The Taliban: An Organizational Analysis by Major Shahid Afsar, Pakistan Army; Major Chris Samples, U.S. Army; and Major Thomas Wood, U.S. Army

Quote:
The Taliban did not grow out of the dark overnight, nor was it unknown in the Middle East, the region of the world most severely affected after 9/11. Following its emergence in 1994 from madrassas, the Taliban achieved surprising victories over its enemies and assumed rule over much of Afghanistan.2 Simultaneously hailed as saviors and feared as oppressors, the Taliban were an almost mythical phenomenon that seemed to embody the very essence of Afghan cultural beliefs, especially revenge for transgression, hospitality for enemies, and readiness to die for honor. The Taliban knew the Afghan people and their ways and embedded themselves in the complex Afghan web of tribalism, religion, and ethnicity.

Despite their quick overthrow in 2002 by a small coalition of U.S. forces and anti-Taliban groups, the Taliban has not gone away. In fact, today, in the face of thousands of NATO and U.S. troops, a growing Afghan National Army (ANA), and a popularly elected government, the movement’s influence in Afghanistan is increasing. It continues to wage an insurgency that has prevented the new government from establishing legitimacy, and it has created massive unrest in Pakistan. Clearly, it behooves us to know something more about this archaic but formidable enemy
.

Read the whole thing. Also posted on the COIN.ARMY.MIL AKO and Sharepoint.

Regards,
Major Niel Smith

Last edited by Jedburgh; 04-25-2010 at 12:41 PM. Reason: Fixed link.
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Old 08-22-2008   #38
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This actually first appeared on the 20th in another paper:

"Taliban fielded battalion-size force only 10 months after rout, reports say", by Murray Brewster, The Canadian Press (in the The Globe and Mail),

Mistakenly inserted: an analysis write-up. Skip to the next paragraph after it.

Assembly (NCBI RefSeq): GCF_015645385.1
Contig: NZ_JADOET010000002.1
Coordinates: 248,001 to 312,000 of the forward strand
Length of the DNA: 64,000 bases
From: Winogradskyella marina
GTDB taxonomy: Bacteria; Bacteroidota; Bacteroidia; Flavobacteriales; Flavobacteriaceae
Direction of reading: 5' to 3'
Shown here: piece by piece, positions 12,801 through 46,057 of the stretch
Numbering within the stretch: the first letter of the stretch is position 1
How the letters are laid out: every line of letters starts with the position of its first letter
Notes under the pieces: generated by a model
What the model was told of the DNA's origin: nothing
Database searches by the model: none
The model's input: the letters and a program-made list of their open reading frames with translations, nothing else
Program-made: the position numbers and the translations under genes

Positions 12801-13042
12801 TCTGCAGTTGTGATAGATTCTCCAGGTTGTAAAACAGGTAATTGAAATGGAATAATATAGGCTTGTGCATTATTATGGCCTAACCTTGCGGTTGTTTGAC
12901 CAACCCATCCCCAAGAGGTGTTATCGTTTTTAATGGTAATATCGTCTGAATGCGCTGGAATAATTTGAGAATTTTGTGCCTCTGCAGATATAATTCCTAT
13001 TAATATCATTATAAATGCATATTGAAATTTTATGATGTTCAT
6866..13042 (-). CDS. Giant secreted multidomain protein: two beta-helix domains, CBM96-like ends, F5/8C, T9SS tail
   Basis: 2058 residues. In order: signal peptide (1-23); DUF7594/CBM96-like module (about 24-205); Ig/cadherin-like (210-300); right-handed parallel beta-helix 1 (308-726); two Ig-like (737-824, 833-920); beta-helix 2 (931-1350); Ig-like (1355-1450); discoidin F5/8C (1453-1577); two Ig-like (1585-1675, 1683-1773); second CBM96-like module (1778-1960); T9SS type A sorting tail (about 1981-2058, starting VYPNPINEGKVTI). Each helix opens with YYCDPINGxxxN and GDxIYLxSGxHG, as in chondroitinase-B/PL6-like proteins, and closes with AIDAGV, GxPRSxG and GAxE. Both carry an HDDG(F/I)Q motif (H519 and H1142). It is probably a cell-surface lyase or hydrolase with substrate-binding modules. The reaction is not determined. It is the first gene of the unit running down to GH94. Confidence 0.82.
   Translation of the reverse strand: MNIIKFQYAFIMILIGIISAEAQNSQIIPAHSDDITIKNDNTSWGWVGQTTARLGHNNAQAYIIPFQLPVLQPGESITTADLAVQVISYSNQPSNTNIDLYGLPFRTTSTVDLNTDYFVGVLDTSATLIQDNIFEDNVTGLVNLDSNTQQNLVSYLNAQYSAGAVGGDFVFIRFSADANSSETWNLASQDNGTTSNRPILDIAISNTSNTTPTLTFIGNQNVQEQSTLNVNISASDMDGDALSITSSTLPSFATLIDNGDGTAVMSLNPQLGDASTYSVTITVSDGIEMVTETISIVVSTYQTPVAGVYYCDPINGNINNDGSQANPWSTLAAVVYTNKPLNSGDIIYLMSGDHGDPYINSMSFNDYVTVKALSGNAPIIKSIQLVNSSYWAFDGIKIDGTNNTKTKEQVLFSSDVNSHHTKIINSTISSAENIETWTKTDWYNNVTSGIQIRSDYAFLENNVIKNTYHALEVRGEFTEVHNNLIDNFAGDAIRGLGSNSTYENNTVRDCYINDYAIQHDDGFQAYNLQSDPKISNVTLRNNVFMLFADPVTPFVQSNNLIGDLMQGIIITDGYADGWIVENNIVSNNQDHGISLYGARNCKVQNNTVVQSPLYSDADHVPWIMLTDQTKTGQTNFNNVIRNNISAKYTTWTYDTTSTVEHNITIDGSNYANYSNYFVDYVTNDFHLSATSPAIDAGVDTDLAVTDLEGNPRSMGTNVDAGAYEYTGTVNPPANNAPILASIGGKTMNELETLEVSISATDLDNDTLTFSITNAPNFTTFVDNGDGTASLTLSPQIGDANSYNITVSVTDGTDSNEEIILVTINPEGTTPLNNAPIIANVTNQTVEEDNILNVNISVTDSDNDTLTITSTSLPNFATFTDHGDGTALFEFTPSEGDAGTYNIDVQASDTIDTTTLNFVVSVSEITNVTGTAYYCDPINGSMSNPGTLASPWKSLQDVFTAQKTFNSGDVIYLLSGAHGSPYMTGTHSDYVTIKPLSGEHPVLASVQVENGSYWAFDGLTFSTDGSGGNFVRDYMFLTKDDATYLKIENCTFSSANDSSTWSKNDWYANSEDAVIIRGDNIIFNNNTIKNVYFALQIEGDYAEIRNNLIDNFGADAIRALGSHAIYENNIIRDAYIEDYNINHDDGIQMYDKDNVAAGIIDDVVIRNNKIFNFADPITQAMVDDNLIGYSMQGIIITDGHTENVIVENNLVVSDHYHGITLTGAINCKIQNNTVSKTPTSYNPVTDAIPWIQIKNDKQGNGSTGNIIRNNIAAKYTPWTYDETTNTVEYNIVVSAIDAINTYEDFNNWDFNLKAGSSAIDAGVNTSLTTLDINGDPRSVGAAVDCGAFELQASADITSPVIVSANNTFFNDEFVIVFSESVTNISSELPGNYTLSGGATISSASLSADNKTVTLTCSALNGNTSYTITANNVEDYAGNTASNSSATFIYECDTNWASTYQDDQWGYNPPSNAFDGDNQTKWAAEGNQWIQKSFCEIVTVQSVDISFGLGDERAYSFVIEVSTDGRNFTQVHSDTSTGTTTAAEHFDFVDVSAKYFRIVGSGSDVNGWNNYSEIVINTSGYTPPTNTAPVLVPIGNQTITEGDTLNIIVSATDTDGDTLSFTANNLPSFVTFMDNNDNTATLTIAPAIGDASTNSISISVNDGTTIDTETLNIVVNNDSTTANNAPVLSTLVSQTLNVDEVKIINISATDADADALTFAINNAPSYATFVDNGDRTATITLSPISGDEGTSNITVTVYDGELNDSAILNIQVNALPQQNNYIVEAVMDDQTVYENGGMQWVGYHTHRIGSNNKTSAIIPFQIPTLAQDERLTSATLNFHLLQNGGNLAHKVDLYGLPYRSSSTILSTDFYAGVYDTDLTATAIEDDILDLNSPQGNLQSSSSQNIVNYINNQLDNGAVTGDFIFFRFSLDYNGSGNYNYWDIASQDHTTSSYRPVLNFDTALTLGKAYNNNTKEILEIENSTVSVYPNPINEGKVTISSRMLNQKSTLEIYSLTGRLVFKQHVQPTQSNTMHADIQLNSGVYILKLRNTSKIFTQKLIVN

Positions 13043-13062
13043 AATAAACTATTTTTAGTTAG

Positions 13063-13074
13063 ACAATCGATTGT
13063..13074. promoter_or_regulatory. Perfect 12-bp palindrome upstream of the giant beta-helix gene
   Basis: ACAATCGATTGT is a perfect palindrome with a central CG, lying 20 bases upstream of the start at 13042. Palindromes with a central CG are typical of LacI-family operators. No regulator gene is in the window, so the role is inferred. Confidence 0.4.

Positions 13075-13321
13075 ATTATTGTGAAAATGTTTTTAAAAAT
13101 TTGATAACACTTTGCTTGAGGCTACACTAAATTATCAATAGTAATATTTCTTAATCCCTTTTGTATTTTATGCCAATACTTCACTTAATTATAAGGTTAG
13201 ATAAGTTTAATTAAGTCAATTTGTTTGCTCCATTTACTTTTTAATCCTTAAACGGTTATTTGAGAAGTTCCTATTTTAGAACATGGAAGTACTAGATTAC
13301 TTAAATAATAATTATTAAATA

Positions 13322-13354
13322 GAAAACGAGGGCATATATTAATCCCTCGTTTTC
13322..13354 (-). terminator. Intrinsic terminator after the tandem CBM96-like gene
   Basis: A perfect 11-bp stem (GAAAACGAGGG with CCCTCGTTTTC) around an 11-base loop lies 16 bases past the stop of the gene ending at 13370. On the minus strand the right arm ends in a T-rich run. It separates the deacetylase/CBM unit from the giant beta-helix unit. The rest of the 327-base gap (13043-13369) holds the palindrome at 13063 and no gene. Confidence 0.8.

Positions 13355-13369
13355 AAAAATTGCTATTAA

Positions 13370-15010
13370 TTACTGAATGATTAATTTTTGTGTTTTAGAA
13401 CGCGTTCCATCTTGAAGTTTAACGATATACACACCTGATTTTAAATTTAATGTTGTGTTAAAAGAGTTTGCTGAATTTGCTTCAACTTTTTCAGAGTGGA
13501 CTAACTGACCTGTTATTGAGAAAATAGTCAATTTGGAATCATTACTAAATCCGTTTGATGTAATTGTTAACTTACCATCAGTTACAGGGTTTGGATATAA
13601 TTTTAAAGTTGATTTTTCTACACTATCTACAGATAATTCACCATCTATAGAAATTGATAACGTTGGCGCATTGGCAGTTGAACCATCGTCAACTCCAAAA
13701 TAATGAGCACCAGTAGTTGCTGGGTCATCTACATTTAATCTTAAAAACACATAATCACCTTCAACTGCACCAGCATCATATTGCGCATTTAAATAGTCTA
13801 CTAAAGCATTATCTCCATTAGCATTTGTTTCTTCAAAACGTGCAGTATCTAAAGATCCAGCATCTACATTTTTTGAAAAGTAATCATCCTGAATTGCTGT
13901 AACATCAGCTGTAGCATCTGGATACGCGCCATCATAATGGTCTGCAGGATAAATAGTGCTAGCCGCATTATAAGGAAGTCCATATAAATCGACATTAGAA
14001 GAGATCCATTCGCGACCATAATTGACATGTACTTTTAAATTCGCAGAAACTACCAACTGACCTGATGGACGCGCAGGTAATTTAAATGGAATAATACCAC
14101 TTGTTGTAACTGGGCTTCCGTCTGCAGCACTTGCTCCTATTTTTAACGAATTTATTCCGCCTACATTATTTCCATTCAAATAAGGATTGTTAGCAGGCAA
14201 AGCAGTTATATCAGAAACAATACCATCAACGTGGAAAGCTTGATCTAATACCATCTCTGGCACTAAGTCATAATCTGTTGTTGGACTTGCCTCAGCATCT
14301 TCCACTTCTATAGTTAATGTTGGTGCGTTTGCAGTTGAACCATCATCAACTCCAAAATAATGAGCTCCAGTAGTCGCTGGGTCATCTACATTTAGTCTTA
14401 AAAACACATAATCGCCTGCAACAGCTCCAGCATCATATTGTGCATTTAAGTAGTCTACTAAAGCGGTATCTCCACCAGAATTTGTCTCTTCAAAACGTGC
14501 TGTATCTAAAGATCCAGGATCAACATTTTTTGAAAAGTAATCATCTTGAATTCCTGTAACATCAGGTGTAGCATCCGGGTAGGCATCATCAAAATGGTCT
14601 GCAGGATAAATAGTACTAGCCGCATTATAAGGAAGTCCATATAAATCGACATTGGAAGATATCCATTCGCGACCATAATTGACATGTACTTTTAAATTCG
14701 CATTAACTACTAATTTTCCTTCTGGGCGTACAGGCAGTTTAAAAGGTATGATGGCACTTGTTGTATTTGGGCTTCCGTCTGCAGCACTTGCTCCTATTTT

21 August, 2008:

Quote:
OTTAWA -- Taliban militants reportedly amassed a 600-strong fighting force and dragged out bigger weapons only 10 months after being routed by NATO forces in a landmark 2006 battle west of Kandahar, newly released documents have revealed.
More at the link. During the summer of 2006 (OP MEDUSA), coalition forces bagged a Taleban force of some 400-500 men operating in and around Panjwai out of some 2,000 Taleban believed to be in the region. Early on in the operation, a force of some 100 Taleban repulsed a Canadian rifle company (leading a battle group) attempting an "unopposed" river crossing (higher had prevented proper reconnaissance from being performed prior to the attack). The Taleban got very comfortable moving around in such large units of 100 or more in Helmand and Kandahar Provinces, and this led to some coalition forces abandoning far-flung outposts or turning them over to PMC's due to lack of manpower and difficulties in reinforcing or relieving said outposts in contact.

As the article at the link points out, the released DND documents confirm that southern Afghanistan has served as a sort of proving ground for Taleban tactics and operations using company-sized elements, with the potential to operate at battalion-level. With the Taleban increasingly operating in company-sized elements in the East now for some time, might this open the way for battalion-level ops in the not-so-distant future? At Panjwai in 2006, the Taleban got clobbered when they did so, but conditions in the East are considerably different from the South, the generally much closer terrain just for starters (not to mention proximity to refuges and bases in Pakistan).

Last edited by Norfolk; 08-22-2008 at 10:00 PM.
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Old 08-23-2008   #39
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Default Taliban commentary

Check this on the Kings of War blogsite, from Kings College London War Studies Dept.: http://kingsofwar.wordpress.com/2008...-how/#comments

Cross-posted on the French troops ambush thread, as it comments on that incident and the wider impact of the Taliban.

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Old 08-24-2008   #40
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A piece by Jason Burke in today's Observer;

http://www.guardian.co.uk/world/2008/aug/24/afghanistan

Quote:
While clashes in remote Helmand dominate the headlines, another battle is being waged by the insurgents on Kabul's doorstep. There, the Taliban are winning support by building a parallel administration, which is more effective, more popular and more brutal than the government's
Not very cheering, to say the least.